In Hong Kong, operations experienced a setback in the 1870s when the bank made some unwise investments in local Hong Kong industry--its reserves fell from HK$1 million to HK$100,000--but the company soon regained its footing under the leadership of a new chief manager, Thomas Jackson, who brought the bank back to a renewed emphasis on its field of expertise, trade finance. By the end of Jackson's reign, in 1902, HongkongBank's paid-up capital stood at HK$10 million, and its published reserves at HK$14.25 million, with additional estimated inner reserves of HK$10 million.

The bank had, however, developed another lucrative role--that of banker to governments. By the 1880s, HongkongBank was operating in this capacity to the government of Hong Kong and had acquired the Treasury Chest (the British government's military and foreign service) business for China and Japan. In addition, the HongkongBank issued bank notes for Hong Kong and for the Straits Settlements (Singapore and Penang). Since these notes were not, at the time, legal tender, their popularity reflected the public's trust in HongkongBank. Through a powerful compradore in China, the bank established contacts with local officials in Tianjin and Beijing. The bank was later asked to issue a public loan on behalf of the Chinese government, and directed several more in ensuing years. While some of these loans financed China's war against Japan (1894-95) and the enforcement of peace during internal conflicts such as the Boxer Rebellion in 1900, the bulk were used for infrastructural projects such as railroads, coal mines, and shipping lines.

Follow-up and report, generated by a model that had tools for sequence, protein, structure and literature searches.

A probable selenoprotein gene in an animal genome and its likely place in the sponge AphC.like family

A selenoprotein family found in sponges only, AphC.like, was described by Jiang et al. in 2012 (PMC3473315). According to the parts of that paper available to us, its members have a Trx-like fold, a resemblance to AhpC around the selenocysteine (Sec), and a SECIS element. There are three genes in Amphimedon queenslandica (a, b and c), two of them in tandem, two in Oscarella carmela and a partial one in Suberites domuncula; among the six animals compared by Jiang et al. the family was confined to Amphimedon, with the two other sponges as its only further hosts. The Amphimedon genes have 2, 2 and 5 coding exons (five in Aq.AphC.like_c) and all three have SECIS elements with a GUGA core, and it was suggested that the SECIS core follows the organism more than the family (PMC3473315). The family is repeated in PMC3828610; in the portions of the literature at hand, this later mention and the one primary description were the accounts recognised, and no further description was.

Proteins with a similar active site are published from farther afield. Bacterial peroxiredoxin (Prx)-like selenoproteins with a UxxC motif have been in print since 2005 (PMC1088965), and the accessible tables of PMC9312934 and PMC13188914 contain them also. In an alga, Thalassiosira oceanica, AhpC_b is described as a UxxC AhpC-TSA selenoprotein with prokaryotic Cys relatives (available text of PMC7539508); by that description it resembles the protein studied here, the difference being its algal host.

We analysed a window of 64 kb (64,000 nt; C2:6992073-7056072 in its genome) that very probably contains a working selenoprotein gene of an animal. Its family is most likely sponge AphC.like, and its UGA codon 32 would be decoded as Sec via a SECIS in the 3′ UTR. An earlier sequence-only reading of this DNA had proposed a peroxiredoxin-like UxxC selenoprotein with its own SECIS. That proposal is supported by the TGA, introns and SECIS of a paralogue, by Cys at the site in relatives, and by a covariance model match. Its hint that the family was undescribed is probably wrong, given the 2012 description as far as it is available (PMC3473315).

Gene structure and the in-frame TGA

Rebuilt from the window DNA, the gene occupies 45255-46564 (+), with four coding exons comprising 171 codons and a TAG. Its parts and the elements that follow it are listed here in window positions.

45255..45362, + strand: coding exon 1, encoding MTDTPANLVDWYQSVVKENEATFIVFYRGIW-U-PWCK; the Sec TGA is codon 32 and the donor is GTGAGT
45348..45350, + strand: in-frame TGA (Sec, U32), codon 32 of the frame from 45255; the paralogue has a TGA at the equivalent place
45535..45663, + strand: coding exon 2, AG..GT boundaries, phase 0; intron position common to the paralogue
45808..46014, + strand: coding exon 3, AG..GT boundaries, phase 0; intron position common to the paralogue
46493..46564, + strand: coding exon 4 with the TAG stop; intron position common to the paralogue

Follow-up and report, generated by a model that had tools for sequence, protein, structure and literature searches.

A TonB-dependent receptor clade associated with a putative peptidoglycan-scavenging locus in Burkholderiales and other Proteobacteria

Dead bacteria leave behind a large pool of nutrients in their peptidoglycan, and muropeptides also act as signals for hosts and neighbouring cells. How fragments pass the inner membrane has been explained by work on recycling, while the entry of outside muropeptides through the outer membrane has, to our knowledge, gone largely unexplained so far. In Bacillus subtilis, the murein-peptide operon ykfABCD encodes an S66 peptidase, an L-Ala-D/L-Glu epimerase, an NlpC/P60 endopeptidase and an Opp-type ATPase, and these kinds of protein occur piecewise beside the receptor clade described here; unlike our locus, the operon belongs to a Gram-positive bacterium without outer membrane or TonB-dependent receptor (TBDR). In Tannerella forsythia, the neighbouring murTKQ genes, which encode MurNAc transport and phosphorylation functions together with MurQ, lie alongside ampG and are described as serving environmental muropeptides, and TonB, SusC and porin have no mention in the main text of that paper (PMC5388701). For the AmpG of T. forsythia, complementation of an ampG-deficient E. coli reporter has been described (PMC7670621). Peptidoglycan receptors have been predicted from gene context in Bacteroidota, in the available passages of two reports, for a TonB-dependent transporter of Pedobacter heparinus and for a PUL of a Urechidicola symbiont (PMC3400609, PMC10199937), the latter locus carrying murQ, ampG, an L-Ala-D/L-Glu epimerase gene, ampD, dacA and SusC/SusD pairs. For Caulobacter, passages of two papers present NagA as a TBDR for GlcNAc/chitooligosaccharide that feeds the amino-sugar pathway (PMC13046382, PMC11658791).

The bank was able to develop a very favorable rapport with the government and business interests in China mainly because it had a widespread presence in China and was incorporated in Hong Kong. By 1910 it was the favored intermediary of the multinational China Consortium, a result of the demonstrated effectiveness of the Bank's London manager, Sir Charles Addis.

World Wars Led to Numerous Difficulties

World War I deeply divided the bank, still well represented by both Germans and Britons. The German members of its board, identified in the press as "hostile interests," eventually resigned, marking a more or less permanent end to German participation in the company. Still, the bank's Hamburg office remained open for the duration of the war.

The high price of silver after the war led the bank to make a rights issue to finance an expansion. Chief Manager A.G. Stephen presided over the construction of new facilities in Hankow, Bangkok, Manila, and especially Shanghai, where a new office was opened in 1923. An office opened in Vladivostok in 1918 but was forced to close in 1924, when Russian revolutionary forces completed their consolidation of control over Siberia.

The optimism of the early 1920s crashed after 1929 and continued to deteriorate through the 1930s, as Japanese interests moved into China, this time supported by Japanese guns. At first, the Japanese domination of China was limited to the rich hinterlands of Manchuria and consisted mainly of the commercial exploitation of resources. While the bank was permitted to establish offices in the Manchurian cities of Dairen, Mukden, and Harbin, its operations were limited only to foreign trade. Meanwhile, in the rest of China, the bank experienced new competition from an increasingly sophisticated Chinese banking community.